IBM, Cleveland Clinic Put Watson to Work on Medical Training
IBM's Watson is headed to medical school. IBM and Cleveland Clinic are collaborating to use Watson's deep question-answer technology to help train students on how to come up with proper diagnoses and treatments for patients.
Founded in 1921, Cleveland Clinic is a nonprofit academic medical center that integrates research and education.
Watson's ability to understand natural language and generate hypotheses will help medical professionals make clinical decisions, IBM reported.
IBM researchers and Cleveland clinicians, faculty and medical students will work together to apply Watson's deep question-answer technology to medicine.
Watson can analyze the meaning in human language and enable health professionals and medical students to uncover important medical facts in large volumes of data, IBM reported.
IBM and Cleveland Clinic announced their collaboration Oct. 30.
"Technology will never replace the doctor, but it can make us better," Dr. James Stoller, chair of the Education Institute at Cleveland Clinic, said in a statement.
Watson allows medical students to apply critical thinking for actual patient cases rather than memorizing information in textbooks, according to IBM. The technology finds evidence in reference materials and helps students come up with diagnoses and treatment options during their medical training.
"The practice of medicine is changing, and so should the way medical students learn," Dr. David Ferrucci, IBM fellow and principal investigator of the Watson project, said in a statement. "In the real world, medical case scenarios should rely on people's ability to quickly find and apply the most relevant knowledge."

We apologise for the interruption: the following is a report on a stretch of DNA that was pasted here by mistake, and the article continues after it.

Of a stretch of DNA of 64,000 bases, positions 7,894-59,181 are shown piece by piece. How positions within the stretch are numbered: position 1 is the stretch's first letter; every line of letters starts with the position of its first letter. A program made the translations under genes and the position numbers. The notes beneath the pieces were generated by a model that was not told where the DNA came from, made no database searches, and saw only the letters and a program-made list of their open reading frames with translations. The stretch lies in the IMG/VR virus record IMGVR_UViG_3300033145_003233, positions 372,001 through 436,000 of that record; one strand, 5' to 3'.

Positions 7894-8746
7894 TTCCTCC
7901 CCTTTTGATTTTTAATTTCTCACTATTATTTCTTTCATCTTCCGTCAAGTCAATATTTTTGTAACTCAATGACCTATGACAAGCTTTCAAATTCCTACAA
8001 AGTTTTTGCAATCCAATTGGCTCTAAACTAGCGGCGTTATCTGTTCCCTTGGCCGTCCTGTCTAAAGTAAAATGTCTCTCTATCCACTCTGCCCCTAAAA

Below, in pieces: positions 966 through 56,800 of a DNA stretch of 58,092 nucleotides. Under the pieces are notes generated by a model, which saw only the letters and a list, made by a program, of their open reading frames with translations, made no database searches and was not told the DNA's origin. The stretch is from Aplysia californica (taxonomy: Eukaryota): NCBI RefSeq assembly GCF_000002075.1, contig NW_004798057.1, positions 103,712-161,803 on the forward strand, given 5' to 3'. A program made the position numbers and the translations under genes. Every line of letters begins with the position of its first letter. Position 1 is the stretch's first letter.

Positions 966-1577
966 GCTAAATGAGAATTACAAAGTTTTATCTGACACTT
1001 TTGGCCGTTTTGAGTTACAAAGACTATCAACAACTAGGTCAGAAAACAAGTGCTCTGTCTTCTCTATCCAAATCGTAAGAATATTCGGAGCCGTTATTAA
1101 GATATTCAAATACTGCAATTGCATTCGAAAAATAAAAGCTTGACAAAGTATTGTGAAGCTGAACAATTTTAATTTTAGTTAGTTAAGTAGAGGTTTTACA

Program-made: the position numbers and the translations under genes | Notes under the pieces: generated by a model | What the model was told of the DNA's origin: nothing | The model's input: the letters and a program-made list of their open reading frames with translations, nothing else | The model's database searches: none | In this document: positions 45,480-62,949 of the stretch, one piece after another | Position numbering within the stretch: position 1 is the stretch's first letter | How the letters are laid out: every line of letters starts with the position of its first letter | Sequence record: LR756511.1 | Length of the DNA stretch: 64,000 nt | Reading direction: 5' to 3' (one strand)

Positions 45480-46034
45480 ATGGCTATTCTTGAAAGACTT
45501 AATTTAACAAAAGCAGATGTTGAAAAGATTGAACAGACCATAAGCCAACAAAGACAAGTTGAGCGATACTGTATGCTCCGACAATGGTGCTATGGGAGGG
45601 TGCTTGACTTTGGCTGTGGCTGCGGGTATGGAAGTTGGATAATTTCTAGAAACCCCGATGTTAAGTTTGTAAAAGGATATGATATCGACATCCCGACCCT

IBM chose to work with Cleveland Clinic because of its focus on problem-based learning, said Ferrucci.
Watson will be part of Cleveland Clinic's problem-based learning curriculum to help students analyze hypothetical clinical simulations.
The machine-learning platform will be fed test questions from the United States Medical Licensing Exam, a requirement for every future doctor, according to The New York Times.
In addition to students benefiting from Watson's technology, students' clinical simulations will also enable IBM to further develop its Watson Path technology.
By analyzing Watson's answers, students will be able to improve Watson's language and domain analysis capabilities, IBM reported.
In addition, Watson will be able to provide a deep semantic understanding of data in electronic health records, IBM reported.
Cleveland Clinic is very progressive on how it approaches the medical school and teaches students, said Ferrucci.
"Watson represents the opportunity to integrate lots of information and to provide a probabilistic approach to diagnoses, which is really the way clinicians think," Dr. James Stoller, chair of the Education Institute at Cleveland Clinic, said in an IBM video. "But this will make it more explicit and will integrate the explosion of information available today about all kinds of diseases, all of which comes to bear at the bedside as we take care of our patients."
Watson will analyze large volumes of data to allow medical students to consider multiple factors that may affect a patient's condition. Students will be able to uncover evidence to come up with hypotheses to health problems and develop treatment options.
"Every day, physicians and scientists around the world add more and more information to what I think of as an ever-expanding, global medical library," Dr. C. Martin Harris, chief information officer of Cleveland Clinic, said in a statement. "Technology like this can allow us to leverage that medical library to help train our students and also find new ways to address the public health challenges we face today."